Viet Nam News
HẢI DƯƠNG — Thousands of households living along Thái Bình dyke, one of the most critical dykes in the north, are prone to landslides, vietnamplus.vn reported.
The landslides have resulted from illegal sand mining in Nam Sách District in northern Hải Dương Province. Landslides have also reportedly damaged a large tract of agricultural land.
According to Hải Dương Province’s flood, storm control and dyke management department, landslides take place along a 108-metre length of the Thái Bình river bank that runs through Minh Tân Commune, and could change the water current.
Landslides have eaten five to 10 metres of space near the river bank and the river has come nearer the dykes. Đặng Văn Mệnh, head of Hùng Thắng Hamlet of Minh Tân Commune, said the distance from the dyke to the river used to be 50 to 250 metres, but now, after the landslides, it has reduced to 20 to 100 metres.
Despite resident vigilance, sand dredging boats continue to operate in the area after dark, from 7pm to 11pm or around 3am to 4am every day, he said.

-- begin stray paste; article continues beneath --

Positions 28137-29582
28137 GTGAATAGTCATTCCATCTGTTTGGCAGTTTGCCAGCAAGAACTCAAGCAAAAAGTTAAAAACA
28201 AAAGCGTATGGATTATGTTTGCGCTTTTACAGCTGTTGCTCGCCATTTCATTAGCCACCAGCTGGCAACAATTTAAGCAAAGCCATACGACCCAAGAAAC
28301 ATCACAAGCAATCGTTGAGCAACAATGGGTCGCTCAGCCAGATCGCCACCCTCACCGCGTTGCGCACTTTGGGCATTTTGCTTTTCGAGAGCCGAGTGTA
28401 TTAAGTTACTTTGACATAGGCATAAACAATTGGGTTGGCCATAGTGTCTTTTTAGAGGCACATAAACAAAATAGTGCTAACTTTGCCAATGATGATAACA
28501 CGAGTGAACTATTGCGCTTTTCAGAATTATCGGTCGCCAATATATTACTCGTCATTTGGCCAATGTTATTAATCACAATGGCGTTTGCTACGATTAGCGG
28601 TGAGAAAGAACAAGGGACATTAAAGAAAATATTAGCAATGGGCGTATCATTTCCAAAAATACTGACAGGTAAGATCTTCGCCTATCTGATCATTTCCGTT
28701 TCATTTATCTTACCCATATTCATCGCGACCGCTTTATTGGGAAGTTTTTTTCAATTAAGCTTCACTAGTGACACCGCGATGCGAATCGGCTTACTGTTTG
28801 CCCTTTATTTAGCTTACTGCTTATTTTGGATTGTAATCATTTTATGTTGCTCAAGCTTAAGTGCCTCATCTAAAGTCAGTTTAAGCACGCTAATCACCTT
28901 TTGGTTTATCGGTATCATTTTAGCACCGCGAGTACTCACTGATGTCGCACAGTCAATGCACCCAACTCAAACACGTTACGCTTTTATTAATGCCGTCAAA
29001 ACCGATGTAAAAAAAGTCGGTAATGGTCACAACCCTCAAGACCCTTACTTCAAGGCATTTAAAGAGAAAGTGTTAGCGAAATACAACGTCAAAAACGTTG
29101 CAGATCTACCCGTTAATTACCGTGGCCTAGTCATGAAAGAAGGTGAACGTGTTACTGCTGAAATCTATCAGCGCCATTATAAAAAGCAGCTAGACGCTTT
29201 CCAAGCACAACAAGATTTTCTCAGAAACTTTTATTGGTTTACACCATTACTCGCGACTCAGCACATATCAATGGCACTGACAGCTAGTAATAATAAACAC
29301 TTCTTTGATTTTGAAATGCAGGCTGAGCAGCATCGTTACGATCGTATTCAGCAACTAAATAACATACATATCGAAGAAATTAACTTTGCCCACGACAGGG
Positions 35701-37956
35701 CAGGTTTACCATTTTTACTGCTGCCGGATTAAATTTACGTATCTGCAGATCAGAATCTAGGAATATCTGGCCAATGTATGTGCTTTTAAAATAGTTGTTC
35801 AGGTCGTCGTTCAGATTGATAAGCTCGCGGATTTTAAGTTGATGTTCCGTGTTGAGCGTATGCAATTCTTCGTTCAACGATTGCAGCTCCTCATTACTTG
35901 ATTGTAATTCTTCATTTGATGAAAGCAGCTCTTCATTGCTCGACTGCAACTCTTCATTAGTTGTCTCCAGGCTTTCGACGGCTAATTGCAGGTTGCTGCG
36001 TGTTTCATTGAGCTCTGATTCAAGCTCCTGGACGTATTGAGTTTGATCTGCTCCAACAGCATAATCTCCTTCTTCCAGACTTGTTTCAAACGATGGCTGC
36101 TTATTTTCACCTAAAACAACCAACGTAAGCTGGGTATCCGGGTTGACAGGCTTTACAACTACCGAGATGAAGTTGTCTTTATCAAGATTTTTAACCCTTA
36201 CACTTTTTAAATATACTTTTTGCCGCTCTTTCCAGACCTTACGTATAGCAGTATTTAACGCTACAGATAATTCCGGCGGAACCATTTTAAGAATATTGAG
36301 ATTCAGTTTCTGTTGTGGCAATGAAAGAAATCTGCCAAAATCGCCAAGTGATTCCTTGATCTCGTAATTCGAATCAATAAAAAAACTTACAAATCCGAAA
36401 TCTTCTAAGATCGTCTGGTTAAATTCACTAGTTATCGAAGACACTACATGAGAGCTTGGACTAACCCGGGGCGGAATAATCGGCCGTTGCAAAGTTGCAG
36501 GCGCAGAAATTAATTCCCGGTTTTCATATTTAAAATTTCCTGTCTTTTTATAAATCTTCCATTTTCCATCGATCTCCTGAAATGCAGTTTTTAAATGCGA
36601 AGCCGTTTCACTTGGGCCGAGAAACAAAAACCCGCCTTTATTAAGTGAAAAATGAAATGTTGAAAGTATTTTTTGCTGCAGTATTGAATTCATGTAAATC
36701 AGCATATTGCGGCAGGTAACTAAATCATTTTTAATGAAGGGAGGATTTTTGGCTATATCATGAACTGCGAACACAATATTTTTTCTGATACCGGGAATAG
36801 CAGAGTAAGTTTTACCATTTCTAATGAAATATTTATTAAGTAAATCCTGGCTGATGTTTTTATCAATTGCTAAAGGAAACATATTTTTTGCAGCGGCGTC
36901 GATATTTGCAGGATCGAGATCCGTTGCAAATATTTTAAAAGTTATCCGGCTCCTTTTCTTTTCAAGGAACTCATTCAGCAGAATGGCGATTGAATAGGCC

Mệnh said that since early last year he has lost more than 3,600sq.m of agricultural land because of landslides. The commune has lost dozens of hectares of agricultural land.
A season of carrots or corns cultivated on a 360sq.m plot brings around VNĐ10 million (US$445) per year. Because of the landslides, farming households have lost millions of đồng each year.
Nguyễn Đức Tuyển, chairman of Minh Tân Commune’s People’s Committee, said local authorities have worked with concerned agencies to catch the illegal sand miners, but that the crackdown has failed due to lack of equipment and human resources. Sand miners have so far managed to escape, and even threaten them with knives and swords, Tuyển said.
Posting officers at the river bank to deal with violators is only a temporary solution, local authorities said. — VNS